Cheap Versus Expensive Copywriters – Which Should You Choose?

Sometimes small figures can make a massive difference.

For example, the difference between a 1% and a 2% conversion rate sounds small, right?

Wrong.

If a 1% conversion rate pulls you in $2,000 of sales a month, then a 2% conversion rate would bring you $4,000 of sales a month… doubling your revenue!

Ultimately, the difference between an “expensive” and a “cheap” copywriter might be a 2% conversion rate compared to 1%…

… but that additional 1% doubles your revenue. That’s one of the advantages an “expensive” copywriter could bring to the table – an additional $24,000 a year in revenue (in this example).

Or looked at from a different angle, a “cheap” copywriter would throw $24,000 of your money down the drain – year in, year out.

With that in mind, is it really a smart idea to hunt around for the “cheapest” copywriter? I don’t think so.

Of course, if you’re just starting out and you need a sales letter written, I understand why you’d want to keep your costs down.

Just keep in mind that by going the “cheap” route, you could be throwing a lot of future revenue down the drain.

If you were building a house, you wouldn’t skimp on the foundations. That would be foolish, and a little dangerous, don’t you think?

Well, your sales material is the FOUNDATION of your business. It’s what generates the sales! The last thing you want to do is skimp on this aspect.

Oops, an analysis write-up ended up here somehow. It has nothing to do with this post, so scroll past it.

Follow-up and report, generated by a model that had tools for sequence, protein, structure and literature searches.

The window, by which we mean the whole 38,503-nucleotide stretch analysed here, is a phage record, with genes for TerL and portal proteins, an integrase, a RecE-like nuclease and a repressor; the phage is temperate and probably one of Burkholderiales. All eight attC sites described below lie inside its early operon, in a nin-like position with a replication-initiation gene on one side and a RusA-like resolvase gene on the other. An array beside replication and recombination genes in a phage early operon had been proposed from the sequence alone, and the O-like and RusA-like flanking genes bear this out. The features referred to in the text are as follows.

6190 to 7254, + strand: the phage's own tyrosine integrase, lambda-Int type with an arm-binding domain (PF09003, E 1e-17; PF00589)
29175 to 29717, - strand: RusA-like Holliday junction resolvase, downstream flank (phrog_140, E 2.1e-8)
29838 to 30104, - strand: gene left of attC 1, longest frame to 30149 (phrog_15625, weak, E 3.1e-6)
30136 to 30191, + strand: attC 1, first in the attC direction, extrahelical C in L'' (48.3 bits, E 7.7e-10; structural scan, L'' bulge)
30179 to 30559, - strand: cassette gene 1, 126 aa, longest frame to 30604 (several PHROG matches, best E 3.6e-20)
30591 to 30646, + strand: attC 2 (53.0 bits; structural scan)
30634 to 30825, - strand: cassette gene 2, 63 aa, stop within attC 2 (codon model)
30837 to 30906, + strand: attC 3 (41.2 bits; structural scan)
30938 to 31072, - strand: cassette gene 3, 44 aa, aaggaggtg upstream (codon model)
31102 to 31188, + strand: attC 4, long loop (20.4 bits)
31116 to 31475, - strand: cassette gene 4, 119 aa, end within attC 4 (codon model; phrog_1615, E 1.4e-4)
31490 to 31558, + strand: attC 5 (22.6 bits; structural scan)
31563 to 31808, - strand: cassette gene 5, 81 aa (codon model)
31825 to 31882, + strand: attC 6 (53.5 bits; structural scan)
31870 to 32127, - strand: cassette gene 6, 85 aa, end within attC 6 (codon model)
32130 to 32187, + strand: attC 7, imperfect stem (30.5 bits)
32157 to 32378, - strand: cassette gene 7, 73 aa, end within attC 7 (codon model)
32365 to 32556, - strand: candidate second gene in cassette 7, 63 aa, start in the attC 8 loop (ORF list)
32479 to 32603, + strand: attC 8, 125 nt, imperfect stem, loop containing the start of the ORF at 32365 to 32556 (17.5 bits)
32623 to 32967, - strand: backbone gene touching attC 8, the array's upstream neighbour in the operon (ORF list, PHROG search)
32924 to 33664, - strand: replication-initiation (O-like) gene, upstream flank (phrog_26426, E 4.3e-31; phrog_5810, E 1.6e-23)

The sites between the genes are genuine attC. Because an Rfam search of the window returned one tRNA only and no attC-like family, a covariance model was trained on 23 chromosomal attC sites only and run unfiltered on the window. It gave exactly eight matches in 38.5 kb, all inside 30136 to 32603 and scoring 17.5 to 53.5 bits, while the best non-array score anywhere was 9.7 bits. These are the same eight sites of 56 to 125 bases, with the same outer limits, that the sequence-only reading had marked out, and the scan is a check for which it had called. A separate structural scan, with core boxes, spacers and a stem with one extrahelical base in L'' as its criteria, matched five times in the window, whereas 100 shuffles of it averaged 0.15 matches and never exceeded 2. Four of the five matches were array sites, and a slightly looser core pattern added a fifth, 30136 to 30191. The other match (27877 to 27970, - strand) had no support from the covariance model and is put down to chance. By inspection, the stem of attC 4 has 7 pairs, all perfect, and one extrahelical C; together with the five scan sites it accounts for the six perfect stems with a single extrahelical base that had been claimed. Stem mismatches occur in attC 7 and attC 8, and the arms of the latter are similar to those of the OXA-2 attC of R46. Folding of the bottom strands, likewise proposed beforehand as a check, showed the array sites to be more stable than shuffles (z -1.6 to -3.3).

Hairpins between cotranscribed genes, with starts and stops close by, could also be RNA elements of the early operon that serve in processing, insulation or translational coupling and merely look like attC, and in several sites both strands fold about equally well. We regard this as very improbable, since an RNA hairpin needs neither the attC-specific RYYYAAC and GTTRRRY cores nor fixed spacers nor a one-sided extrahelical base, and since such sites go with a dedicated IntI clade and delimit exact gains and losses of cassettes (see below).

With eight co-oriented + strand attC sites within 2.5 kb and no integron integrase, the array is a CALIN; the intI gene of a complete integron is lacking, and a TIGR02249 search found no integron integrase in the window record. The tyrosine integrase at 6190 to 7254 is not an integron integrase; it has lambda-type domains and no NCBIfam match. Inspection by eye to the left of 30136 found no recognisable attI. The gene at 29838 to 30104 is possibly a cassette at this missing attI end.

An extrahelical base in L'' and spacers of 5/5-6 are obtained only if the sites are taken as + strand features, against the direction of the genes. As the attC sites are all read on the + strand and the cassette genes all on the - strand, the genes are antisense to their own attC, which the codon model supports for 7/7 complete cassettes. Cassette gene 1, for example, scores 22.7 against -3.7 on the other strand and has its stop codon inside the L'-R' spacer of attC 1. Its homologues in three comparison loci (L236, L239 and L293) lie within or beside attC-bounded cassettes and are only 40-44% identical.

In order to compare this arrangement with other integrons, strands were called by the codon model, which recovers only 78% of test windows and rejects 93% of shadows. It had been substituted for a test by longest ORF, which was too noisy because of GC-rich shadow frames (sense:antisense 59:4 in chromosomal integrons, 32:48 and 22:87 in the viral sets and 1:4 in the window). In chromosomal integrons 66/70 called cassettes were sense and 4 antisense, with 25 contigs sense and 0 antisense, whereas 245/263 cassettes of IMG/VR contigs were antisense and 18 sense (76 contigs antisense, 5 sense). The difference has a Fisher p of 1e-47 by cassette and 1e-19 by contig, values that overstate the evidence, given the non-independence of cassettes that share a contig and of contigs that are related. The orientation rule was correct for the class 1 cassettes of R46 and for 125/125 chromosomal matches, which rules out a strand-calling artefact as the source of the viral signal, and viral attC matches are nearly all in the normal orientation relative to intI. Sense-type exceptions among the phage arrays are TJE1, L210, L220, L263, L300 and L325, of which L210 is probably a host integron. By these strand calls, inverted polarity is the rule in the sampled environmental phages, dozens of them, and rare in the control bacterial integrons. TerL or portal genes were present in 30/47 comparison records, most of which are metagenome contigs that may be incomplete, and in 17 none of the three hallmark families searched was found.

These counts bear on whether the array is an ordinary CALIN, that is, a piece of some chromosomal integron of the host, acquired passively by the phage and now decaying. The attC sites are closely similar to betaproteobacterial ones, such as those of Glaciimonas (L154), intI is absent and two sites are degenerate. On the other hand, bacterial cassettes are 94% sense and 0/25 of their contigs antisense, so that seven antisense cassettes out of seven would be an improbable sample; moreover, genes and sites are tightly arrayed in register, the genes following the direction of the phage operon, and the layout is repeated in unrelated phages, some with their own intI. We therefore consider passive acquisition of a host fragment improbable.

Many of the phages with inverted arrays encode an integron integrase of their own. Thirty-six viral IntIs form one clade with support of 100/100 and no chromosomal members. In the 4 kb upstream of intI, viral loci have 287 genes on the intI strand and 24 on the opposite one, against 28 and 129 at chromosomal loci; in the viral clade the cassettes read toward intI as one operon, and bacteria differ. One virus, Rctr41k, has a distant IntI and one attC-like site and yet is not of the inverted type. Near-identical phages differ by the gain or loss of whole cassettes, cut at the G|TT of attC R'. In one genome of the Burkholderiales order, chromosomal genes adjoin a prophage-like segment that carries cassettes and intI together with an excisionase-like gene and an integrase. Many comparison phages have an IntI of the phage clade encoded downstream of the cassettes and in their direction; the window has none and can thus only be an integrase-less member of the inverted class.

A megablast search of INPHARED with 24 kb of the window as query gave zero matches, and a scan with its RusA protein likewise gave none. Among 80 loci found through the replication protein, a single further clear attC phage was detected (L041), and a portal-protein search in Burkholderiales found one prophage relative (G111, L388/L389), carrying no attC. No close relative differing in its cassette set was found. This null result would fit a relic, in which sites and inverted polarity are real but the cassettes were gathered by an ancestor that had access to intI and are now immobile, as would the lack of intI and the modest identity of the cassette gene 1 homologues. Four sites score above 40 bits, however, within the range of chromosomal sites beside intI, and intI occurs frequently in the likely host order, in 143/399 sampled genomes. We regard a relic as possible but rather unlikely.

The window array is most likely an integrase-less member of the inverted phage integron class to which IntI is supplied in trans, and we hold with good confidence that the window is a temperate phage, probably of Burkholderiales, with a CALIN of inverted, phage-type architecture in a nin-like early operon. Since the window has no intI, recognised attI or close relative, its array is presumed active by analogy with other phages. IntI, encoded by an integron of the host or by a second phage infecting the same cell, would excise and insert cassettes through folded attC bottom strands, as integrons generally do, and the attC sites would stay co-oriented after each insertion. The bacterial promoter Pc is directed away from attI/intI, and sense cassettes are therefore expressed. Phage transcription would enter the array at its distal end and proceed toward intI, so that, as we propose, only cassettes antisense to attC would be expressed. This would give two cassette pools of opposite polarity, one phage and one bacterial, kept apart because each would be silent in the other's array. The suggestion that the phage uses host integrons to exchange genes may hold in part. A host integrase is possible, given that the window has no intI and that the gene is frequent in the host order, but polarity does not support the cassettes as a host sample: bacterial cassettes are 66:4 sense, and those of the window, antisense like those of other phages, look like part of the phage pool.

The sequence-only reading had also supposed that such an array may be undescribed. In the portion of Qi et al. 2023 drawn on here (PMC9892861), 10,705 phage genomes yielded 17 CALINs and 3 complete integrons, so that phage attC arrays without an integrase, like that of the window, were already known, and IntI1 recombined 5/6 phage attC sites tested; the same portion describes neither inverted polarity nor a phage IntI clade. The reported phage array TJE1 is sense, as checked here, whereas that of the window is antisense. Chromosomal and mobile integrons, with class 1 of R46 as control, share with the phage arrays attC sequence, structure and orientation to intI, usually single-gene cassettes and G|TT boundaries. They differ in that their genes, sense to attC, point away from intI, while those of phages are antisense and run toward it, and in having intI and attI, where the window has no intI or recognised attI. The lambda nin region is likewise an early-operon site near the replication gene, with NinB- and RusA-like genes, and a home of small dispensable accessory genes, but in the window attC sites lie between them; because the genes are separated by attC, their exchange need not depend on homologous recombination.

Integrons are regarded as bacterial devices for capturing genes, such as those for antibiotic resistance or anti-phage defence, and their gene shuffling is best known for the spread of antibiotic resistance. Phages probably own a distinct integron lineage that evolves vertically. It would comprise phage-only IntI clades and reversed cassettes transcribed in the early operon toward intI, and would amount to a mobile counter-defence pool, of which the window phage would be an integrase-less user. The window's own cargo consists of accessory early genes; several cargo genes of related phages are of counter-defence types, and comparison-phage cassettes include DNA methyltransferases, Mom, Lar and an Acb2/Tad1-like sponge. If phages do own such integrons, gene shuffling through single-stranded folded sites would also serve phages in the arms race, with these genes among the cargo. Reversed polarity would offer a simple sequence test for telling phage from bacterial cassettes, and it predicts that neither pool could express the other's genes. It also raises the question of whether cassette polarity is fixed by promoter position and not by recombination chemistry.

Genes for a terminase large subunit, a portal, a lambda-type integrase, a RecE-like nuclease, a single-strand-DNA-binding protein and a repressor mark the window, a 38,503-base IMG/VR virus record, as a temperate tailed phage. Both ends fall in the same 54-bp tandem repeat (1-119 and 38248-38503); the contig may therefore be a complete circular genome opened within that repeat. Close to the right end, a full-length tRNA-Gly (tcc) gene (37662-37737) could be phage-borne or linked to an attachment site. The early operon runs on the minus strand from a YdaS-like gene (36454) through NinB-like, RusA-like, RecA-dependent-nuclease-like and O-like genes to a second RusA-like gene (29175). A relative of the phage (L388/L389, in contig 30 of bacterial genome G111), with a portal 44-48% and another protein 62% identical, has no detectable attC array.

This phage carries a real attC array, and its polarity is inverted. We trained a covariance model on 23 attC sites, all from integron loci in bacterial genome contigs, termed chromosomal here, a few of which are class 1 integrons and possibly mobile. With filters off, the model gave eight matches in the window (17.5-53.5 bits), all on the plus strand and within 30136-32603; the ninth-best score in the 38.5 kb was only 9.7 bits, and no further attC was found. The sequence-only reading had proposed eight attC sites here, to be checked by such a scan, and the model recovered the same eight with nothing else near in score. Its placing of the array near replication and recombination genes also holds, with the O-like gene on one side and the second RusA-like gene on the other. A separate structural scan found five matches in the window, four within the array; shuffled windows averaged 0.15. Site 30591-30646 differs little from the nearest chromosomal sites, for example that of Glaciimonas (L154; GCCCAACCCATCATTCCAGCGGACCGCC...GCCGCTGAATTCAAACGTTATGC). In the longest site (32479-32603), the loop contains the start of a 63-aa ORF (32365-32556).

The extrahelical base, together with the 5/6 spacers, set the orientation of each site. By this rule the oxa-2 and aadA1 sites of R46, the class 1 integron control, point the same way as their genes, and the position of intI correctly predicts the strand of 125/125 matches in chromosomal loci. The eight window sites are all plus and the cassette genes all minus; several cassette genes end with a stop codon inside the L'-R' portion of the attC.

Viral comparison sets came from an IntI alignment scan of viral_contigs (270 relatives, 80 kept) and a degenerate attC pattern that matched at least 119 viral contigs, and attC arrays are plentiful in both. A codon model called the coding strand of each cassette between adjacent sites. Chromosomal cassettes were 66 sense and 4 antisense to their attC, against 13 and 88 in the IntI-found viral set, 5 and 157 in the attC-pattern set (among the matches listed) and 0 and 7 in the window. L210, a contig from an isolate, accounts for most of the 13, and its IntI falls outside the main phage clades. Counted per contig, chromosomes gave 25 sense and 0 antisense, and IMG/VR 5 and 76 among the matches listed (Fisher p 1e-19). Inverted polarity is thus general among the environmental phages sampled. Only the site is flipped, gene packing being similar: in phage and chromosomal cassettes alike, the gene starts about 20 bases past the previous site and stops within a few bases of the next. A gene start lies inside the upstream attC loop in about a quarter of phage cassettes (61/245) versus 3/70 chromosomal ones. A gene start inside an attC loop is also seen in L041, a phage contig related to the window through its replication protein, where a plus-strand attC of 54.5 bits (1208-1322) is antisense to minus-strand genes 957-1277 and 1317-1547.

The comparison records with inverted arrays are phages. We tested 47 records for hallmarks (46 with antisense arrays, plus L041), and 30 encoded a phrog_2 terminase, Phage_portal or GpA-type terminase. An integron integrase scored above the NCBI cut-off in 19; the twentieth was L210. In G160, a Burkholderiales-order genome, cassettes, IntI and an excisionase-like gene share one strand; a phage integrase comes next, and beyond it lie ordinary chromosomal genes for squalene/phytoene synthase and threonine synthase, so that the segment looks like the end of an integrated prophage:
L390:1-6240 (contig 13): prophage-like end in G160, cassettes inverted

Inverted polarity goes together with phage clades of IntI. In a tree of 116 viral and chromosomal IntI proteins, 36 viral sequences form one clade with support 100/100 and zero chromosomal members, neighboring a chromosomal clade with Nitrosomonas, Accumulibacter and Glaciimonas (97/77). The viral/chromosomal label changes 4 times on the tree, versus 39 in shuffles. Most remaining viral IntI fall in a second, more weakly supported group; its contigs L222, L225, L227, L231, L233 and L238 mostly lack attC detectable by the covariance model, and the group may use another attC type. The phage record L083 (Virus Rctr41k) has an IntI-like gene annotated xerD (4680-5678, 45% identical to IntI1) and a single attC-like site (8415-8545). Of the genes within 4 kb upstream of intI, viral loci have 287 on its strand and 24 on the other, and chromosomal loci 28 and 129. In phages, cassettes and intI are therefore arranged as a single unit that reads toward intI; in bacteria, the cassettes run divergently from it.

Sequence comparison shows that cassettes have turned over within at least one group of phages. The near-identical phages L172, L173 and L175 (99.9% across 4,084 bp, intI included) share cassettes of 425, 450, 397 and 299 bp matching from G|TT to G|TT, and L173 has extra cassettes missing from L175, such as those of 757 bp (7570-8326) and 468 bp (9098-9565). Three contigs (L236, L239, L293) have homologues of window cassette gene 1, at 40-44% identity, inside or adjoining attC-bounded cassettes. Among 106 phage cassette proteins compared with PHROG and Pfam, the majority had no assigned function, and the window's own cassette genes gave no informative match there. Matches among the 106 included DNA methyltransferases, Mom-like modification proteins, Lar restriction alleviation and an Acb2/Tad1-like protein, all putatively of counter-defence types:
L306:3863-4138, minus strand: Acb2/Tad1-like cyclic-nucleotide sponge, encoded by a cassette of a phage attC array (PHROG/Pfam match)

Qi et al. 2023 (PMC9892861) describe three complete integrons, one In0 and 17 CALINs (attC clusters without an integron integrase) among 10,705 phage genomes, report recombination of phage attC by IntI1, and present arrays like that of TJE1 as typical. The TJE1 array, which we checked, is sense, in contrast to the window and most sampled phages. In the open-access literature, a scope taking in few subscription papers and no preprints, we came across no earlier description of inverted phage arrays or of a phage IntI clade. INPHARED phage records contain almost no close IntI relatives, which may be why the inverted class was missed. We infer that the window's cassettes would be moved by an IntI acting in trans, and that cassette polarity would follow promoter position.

Now, I’m not really pitching anything here. (I do have a stable of students who are willing to write for various budgets – contact me if you’d like me to put you in touch with one)…

… but the bottom line is this: with copywriting, the difference between a “cheap” and an “expensive” copywriter isn’t just the price, almost always it will be reflected in the results.

So lay a solid foundation for your business, and don’t skimp on the thing that is going to generate you the sales, the lifeblood of your business!

Are These The Greatest Sales Letters Of All Time?

I recently came across a great little resource edited by John Jantsch of Duct Tape Marketing, and since he gave permission to distribute it freely, I thought I’d share it with you good folks here at the CopySnips.com blog.

It’s a 25 page PDF document called The Greatest Sales Letters Of All Time… and it contains 5 actual sales letters, written to sell products such as a subscription to Newsweek magazine, The Wall Street Journal, and a 20 volume Popular Mechanics Do-It-Yourself Encyclopedia.